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Oregon women sought for study on the potential connection between blood cancers and heart disease

As we age, as many as 10 to 30 percent of us spontaneously carry mutations in our blood cells that put us at risk for blood cancers and heart disease. Researchers at OHSU are leading a unique study for women aged 65 and older called WEAR, or Women Engaged in Advancing Research, to collect health and genetic data that may one day enable them to identify and prevent these often-fatal diseases.

Women across Oregon are participating for a variety of reasons.

“This is an easy way to be involved, and to give back the kinds of benefits that I’ve had in my lifetime, as well as my children, my grandchildren and great grand-children. I want to pass it forward,” said Carolyn Tomei, of Milwaukie, who served in the Oregon House of Representatives for more than 14 years, in addition to serving as chairwoman for the House Human Services Committee. “These kind of studies behoove the states not just now, but in many, many years to come.”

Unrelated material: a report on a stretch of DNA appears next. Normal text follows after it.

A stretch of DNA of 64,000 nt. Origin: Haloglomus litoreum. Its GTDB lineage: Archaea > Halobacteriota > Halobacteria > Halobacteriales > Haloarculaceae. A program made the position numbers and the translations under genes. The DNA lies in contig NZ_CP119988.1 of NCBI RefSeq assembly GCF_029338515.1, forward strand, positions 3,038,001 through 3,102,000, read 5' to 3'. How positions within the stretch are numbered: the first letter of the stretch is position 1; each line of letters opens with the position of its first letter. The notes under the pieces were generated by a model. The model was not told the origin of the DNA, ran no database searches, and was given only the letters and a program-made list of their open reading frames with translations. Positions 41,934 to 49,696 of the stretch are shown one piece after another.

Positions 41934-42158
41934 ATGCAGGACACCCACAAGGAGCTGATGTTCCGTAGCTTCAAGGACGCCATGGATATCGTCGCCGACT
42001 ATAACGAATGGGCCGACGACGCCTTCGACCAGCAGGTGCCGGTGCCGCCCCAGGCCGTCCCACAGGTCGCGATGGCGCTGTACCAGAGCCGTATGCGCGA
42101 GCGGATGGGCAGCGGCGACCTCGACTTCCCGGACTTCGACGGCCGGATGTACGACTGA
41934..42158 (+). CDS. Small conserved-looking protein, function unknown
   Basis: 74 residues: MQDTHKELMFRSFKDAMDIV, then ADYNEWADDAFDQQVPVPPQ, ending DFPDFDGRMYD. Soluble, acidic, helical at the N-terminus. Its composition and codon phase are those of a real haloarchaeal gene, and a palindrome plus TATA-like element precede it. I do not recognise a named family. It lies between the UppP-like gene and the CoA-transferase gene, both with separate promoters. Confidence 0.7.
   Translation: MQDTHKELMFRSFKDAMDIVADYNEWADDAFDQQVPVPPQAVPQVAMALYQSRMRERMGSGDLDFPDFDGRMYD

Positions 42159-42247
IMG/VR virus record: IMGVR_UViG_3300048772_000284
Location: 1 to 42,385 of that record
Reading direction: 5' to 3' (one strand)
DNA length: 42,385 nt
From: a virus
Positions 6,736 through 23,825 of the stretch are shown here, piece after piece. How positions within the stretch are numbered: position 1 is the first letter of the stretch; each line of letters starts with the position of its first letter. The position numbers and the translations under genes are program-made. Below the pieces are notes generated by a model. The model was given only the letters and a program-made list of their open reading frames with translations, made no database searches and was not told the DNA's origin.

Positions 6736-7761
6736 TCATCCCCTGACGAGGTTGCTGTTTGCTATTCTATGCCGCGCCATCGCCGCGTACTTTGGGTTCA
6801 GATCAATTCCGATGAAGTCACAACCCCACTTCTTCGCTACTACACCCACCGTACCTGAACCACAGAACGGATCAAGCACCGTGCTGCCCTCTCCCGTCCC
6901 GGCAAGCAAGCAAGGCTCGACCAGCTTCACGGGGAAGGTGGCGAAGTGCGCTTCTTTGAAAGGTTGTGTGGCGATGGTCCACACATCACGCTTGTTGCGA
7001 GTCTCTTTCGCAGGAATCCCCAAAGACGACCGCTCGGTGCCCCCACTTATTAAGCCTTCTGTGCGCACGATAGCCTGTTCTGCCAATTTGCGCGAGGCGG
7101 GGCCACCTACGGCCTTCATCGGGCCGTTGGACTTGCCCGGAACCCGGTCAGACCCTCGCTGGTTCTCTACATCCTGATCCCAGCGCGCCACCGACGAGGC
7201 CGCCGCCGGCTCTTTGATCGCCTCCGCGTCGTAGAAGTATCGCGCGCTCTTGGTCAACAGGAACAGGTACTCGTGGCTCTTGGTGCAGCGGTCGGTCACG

The study is looking for women with no history of cancer to give blood one or two times a year for 10 years. By mid-September, researchers had enrolled 1,000 participants; the goal is to enroll as many as 4,000 women across Oregon and Southwest Washington.

The study’s lead investigators are Kim-Hien Dao, D.O., Ph.D., of the OHSU Knight Cancer Institute, and Maros Ferencik, M.D., Ph.D. of the OHSU Knight Cardiovascular Institute.

This work is funded by the Anna Fuller Foundation, the OHSU Knight Cancer Institute, Collins Medical Trust and the National, Heart, Lung and Blood Institute of the National Institutes of Health.


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